Aston Martin Winner Bradley on Racing Hard in a Pre-War Car!

Photo: Peter French

A popular feature of AMOC Racing’s meetings is the Pre-War Team Challenge, which are run as handicap events and attract a host of classic cars – and at Silverstone last week also a successful current driver in Richard Bradley, out in an Aston Martin Ulster just a week after winning the European Le Mans Series race at Spa-Francorchamps in an LMP2 ORECA-Gibson.

A former LMP2 category winner at Le Mans, Richard continued that theme with a win in the Silverstone race, and we caught up with him after qualifying at the circuit to talk about his love for historic racing, and just how different it is to go quick in the Aston Martin.

“I’m racing a 1935 Aston Martin Ulster today, very much a contrast with the prototype I was racing at Spa last weekend but at the end of the day it has four wheels, a steering wheel, and you just drive it as fast as you can. I much prefer a car like this, if something goes wrong with the prototype here isn’t much you can do about it as a driver, it isn’t actually that skilful when you press a see a red light and press a button to change gear. 

“The Aston has no syncromesh, and the throttle is the middle pedal, so you have to double de-clutch on the up-shifts, and when you are braking, with the middle peddle and the size of my feet I have to go flat out, put my right foot on the right pedal (the brake) my left foot on the clutch, put it into neutral, then take my right foot off the brake halfway through the braking zone and accelerate as hard to get as many revs as I can, then drop the clutch and use it as engine braking. To be honest, these car cable operated drum brakes so coming off them in the braking zone doesn’t do much as they are pretty ineffective anyway!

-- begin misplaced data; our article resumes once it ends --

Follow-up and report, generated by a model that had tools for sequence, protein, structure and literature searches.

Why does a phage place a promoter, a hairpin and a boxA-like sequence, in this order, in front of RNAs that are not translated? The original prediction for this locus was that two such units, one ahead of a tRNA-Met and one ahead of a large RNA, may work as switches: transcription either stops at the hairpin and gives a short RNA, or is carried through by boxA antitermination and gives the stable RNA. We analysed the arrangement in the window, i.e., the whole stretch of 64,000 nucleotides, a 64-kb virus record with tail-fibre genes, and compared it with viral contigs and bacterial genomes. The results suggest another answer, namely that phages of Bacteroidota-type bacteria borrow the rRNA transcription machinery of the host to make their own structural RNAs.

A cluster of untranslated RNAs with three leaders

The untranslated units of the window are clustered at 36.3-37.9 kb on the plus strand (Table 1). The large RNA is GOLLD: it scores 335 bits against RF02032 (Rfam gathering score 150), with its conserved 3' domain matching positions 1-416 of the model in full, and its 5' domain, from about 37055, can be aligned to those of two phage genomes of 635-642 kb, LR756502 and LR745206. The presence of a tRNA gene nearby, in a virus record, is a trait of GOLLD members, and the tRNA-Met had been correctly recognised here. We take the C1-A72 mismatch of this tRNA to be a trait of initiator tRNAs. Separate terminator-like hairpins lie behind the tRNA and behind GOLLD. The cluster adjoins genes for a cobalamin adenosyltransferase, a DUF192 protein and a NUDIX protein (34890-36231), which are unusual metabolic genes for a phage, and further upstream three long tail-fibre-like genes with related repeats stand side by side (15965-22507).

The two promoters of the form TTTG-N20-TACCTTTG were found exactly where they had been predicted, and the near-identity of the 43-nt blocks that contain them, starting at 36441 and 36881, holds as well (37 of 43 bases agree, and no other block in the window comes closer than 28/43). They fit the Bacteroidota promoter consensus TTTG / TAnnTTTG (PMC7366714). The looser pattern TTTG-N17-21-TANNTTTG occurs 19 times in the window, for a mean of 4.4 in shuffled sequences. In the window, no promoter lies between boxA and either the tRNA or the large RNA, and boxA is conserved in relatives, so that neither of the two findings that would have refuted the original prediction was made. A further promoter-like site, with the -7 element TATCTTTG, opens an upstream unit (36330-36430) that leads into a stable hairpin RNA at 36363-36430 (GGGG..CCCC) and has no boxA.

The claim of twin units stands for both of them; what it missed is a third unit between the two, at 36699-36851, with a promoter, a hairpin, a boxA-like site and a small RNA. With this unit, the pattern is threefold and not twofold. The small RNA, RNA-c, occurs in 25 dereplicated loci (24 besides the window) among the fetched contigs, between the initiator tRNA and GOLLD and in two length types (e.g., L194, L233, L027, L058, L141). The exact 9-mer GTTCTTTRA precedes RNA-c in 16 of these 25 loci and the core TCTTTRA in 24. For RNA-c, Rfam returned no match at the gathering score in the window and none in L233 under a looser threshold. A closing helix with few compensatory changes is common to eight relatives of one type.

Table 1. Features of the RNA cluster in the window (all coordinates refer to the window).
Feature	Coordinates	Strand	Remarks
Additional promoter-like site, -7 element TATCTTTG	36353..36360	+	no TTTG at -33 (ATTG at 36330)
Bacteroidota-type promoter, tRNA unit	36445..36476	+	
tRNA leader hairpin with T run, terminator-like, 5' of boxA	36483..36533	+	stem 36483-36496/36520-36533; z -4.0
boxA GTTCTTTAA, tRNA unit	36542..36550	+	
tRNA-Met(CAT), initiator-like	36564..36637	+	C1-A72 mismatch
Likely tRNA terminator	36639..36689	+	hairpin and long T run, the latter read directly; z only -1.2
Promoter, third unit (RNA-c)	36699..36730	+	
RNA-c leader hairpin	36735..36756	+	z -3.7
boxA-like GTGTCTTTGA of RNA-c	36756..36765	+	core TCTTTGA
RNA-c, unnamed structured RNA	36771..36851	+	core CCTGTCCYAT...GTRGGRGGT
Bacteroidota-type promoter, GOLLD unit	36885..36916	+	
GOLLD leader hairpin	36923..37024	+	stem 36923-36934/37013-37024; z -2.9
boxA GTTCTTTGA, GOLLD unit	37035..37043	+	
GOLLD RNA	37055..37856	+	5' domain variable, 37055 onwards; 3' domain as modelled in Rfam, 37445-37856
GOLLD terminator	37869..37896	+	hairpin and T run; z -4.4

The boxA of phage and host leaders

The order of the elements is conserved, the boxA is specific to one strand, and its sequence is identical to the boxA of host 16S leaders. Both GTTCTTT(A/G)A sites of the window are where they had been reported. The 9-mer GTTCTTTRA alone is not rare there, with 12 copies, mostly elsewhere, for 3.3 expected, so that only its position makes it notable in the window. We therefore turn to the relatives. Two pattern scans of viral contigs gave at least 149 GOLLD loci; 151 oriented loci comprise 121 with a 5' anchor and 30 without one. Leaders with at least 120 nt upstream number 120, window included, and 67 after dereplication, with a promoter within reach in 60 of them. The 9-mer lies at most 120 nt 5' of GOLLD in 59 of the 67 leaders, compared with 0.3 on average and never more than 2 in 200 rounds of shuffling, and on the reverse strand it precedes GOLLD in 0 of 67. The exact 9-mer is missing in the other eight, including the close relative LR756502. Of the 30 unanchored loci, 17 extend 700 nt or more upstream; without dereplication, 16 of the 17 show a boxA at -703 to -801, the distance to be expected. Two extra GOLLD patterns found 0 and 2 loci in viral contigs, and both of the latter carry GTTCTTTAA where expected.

“In a prototype you just hold on and the computers take care of everything for you, but in the Aston Martin you are an integral part of everything that is happening.  Your every action has a direct effect on what is happening, we have leaf springs on the car so the more you lean over, the more grip you have, just like a motorbike, and I love it!

“I have never done a handicap race before, but this is my fourth time out in this car and it is going well, we were on pole at Snetterton a few weeks ago but had a problem in the race. I feel that racing this keeps me sharp for my other racing, you are so involved in racing this car that you have to be technically aware of what is going on, and you have to have a lot of feeling for what is going on.

“I’d love to take this car round Spa, I think Eau Rouge would be flat, though with leaf springs I would avoid some of the kerbs! Pre-War racing seems to be getting more popular, we had 45-cars out at the Silverstone Classic, and my dad and I are looking to do more races on the Continent next year. 

“I’d love to see a pre-war endure, a six-hours or something. These cars were designed to do long races, there were 20 Aston Martin Ulsters built and the factory had a team at Le Mans, in their time they were the equivalent of the GT Pro cars we have today. They look like old cars, but they were the prototypes of their time, and yes, they slide round corners but that is what they were designed to do – they slide perfectly, I can slide the Aston Martin much more easily than an LMP2!

“I try to drive the Aston whenever I can, I love driving it and fortunately my dad doesn’t mind me using it when I am around instead of him. I love historic racing, we have just bought a Brabham BT2 in the United States and we are going to leave that over there next year to go and race at places like Watkins Glen, Road Atlanta etc., there are loads of races, we may even be out at COTA this November. Then we will ship the car over here in time for the Silverstone Classic.”